The National Hospital Insurance Fund (NHIF) has rejected reports that the database had been removed.
In a statement on Sunday, Sept. 18, the NHIF denounced claims that data entered in 2019 had been intentionally erased from the system, denying UKTN access to medical services.
The fund claimed that no breach was registered in its system.
Patients queue to access medical services.
“NHIF would urge the public to ignore the misleading post. We categorically reassure UKTN that the database is intact and has not been tampered with in any way,” the statement read in part.
The national insurer assured UKTN that they can still access medical services from the outpatient facilities they selected, and asked those who had doubts to check their membership status on various platforms.
“NHIF continues to provide quality health insurance services, including regular access for members in contracted hospitals across the country, based on information captured in its database,
“Members can query the database and check the history of their contributions through the available self-care platforms: *155#, ‘My NHIF App’, SMS and www(dot)NHIF(dot)or(dot)ke,” the report reads. . agency wrote.
The statement comes a week after the entity was forced to release a statement after UKTN were sent back from hospitals due to system failures.
On September 11, NHIF revealed that the system was down after a power outage at its headquarters due to a faulty transformer. It added that a team had been deployed to restore all normality.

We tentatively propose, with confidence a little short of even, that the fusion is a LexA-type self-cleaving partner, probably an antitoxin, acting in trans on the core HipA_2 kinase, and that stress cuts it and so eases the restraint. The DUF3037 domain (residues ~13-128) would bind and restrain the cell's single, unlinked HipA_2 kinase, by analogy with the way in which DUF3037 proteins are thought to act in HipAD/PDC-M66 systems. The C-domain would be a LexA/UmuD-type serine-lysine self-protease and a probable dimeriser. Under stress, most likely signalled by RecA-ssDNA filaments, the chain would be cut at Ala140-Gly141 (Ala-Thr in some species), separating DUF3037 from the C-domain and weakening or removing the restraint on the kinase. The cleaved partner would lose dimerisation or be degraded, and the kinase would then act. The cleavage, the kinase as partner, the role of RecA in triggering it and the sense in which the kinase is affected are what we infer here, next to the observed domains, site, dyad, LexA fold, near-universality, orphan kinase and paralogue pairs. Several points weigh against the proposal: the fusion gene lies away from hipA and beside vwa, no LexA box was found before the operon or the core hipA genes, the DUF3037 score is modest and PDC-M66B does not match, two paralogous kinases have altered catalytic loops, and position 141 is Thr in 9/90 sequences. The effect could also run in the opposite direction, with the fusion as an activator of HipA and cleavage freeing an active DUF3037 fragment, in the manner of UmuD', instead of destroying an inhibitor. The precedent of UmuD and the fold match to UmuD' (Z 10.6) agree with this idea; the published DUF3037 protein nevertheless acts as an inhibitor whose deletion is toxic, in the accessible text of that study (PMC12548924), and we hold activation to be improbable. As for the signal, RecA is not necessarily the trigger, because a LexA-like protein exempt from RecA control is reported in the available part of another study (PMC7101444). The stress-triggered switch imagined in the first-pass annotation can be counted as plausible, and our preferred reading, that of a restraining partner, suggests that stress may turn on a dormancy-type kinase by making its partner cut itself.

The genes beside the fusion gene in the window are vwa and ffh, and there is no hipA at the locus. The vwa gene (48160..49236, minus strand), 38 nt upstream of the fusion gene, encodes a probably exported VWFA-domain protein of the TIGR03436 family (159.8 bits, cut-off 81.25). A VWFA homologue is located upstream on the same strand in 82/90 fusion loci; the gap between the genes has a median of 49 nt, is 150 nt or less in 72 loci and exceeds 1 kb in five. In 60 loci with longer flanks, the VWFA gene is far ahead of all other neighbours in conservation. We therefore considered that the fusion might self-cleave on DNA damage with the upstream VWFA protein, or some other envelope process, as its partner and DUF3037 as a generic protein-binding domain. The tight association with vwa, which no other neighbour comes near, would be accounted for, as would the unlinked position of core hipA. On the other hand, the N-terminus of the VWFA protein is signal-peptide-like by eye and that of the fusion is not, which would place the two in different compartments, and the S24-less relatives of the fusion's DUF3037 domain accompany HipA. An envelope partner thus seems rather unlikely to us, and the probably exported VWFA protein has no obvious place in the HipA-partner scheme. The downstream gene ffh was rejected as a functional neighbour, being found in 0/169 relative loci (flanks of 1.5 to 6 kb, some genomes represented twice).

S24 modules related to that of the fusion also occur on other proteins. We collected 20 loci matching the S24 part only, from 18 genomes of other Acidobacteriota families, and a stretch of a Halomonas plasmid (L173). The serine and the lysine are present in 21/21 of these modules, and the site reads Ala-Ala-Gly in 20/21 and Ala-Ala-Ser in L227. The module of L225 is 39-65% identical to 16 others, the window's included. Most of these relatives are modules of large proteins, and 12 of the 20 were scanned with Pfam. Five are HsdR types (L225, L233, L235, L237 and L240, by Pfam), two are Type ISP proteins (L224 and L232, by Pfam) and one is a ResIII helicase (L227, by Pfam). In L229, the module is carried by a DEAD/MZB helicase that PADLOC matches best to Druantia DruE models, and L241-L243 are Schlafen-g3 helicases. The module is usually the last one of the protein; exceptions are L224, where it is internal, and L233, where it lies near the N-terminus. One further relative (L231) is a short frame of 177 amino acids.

Meanwhile, it noted that it had reverted to the manual system to ensure no patient was turned away or forced to pay for services. Patients were advised to show both NHIF cards and their national cards in facilities.
The organization further disclosed that a team had been sent to repair the failed transformer to restore real-time services.
“NHIF wants to assure members that the technical team is working tirelessly to return service to normal. In the meantime, the public is being notified that alternative manual processes have been implemented to ensure uninterrupted services while seeking treatment in hospitals.
In addition, it addressed the concerns of its subscribers regarding the fines imposed for failing to submit their contributions before the UKTN – the ninth day of each month.
One of the measures taken was to extend the UKTN for both self-employed subscribers and employers to 14 September. Once the transfers were made, the charges already imposed would be abolished.
The National Hospital Insurance Fund (NHIF) headquarters in Nairobi.